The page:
Can drones be useful tools in disaster relief?
It’s just the beginning of the age of Unmanned Aerial Vehicles (UAV’s or drones), particularly when it comes to humanitarian work. Faine Greenwood, who studies humanitarian applications for drones at the New America Foundation sees a bright future. Already, drones have mapped destruction after earthquakes in Haiti and Nepal, helping with relief efforts. They’ve gathered photographic evidence of illegal deforestation in Indonesia, and they’re used regularly in the U.S. to track migrating animals.
Using drones for disaster relief really began in 2010 after the earthquake in Haiti, said Greenwood. “The main application is really not for search and rescue. They’re still pretty limited – they do have their place they can definitely identify people in location that humans can’t get to,” said Greenwood. “But that’s not the big one. I think the big one is really they’re great for making maps.”
After a disaster, the landscape changes. Houses are knocked down, roads don’t exist anymore. So using the drone to map the new environment allows aid workers to understand how to move around and get help where it’s needed. In Nepal, the Humanitarian UAV Network came to the scene and made high resolution maps, which were uploaded to Open Street Map so a team of volunteers around the world could work on them to redo roads and map the destruction. “It’s is a great way to get this imagery up quickly,” said Greenwood.
Greenwood’s work might change the minds of the 41 percent of Americans who aren’t convinced that drones are all that great. In fact, she’s working with the New America Foundation to create a primer on drone use for non-profit humanitarian organizations. And she helped developed this map and database to look at all the places UAVs are already being used in this sort of non-commercial work. The drones that Greenwood mapped are doing everything from assisting in disaster relief efforts to mapping wildlife migration.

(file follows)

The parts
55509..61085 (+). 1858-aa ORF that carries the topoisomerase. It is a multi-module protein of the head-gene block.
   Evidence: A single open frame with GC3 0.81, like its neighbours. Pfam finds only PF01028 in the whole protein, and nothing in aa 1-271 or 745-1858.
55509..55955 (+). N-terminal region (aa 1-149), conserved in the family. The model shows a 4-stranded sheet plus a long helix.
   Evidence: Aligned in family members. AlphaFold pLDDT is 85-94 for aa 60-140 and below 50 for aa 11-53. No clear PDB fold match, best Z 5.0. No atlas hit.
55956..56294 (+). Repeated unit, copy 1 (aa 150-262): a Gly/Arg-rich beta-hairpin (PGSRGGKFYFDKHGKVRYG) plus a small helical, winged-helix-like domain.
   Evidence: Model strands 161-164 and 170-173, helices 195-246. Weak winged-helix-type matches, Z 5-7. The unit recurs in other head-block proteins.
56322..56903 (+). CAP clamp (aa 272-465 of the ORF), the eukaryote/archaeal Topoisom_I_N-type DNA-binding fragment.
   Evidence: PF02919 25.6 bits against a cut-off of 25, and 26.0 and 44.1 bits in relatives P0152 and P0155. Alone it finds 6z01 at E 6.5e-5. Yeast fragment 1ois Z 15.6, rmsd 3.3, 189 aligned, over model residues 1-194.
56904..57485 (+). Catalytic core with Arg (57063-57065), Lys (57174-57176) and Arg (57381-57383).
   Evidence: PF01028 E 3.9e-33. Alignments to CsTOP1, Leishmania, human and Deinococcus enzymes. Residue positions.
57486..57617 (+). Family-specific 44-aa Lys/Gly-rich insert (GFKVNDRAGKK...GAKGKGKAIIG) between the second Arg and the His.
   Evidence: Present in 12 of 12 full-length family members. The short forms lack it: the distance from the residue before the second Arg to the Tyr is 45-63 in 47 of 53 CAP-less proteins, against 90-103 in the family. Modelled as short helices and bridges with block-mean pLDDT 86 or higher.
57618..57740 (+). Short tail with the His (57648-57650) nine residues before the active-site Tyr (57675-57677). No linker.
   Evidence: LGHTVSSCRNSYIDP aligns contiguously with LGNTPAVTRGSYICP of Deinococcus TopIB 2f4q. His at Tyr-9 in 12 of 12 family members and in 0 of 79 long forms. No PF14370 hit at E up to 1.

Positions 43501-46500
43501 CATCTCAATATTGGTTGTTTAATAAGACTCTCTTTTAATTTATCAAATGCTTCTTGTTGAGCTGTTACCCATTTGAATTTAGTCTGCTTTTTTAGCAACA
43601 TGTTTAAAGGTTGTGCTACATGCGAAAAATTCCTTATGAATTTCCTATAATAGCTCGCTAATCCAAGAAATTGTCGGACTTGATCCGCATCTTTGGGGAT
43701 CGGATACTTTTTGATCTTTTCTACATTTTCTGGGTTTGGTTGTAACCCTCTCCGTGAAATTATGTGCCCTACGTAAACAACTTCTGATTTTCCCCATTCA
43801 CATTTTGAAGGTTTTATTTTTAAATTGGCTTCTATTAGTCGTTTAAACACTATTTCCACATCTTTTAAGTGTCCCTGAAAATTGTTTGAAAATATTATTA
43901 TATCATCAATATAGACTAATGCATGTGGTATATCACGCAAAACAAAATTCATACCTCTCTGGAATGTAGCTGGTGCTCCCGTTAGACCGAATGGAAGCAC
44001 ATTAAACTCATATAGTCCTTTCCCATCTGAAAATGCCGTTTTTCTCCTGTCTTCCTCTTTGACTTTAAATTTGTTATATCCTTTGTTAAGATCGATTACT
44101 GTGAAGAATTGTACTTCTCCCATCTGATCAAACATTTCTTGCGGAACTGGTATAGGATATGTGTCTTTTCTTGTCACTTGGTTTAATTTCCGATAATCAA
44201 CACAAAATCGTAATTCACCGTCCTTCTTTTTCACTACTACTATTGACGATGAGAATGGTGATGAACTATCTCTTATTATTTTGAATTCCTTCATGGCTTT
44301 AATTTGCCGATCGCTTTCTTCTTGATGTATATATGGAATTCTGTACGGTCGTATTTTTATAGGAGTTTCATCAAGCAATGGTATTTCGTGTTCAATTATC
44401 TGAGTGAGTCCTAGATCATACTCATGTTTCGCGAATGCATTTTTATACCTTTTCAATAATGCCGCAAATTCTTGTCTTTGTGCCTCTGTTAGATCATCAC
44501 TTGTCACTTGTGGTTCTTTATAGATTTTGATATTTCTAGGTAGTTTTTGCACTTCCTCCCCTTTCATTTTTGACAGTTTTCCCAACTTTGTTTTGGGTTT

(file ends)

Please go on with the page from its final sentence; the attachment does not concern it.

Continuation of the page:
“When I first got interested in drones, people really had no idea what the heck they were, they associated them with military drones, they thought they were pretty creepy,” said Greenwood. But that changed when Amazon announced its delivery drone. “I think that was kind of the moment where many Americans first started to realize what the civilian drone was and also realize they had other applications beyond military. And ever since then, I think slowly but surely more and more people seem to be kind of relaxing about the concept,” said Greenwood.
“Of course more people are buying them. They were a hit Christmas present this year which indicates people being more comfortable with them.”
However, there’s still a ways to go before everyone is a responsible drone-user. “When they first introduced cars, people did dumb stuff, when they first introduced airplanes, people did dumb stuff like wing walking,” said Greenwood. “There are going to be some dumb people doing stuff, but I don’t think that’s going to in any way outweigh the positive technology.”
Find more drone coverage at KCRW.com/drones.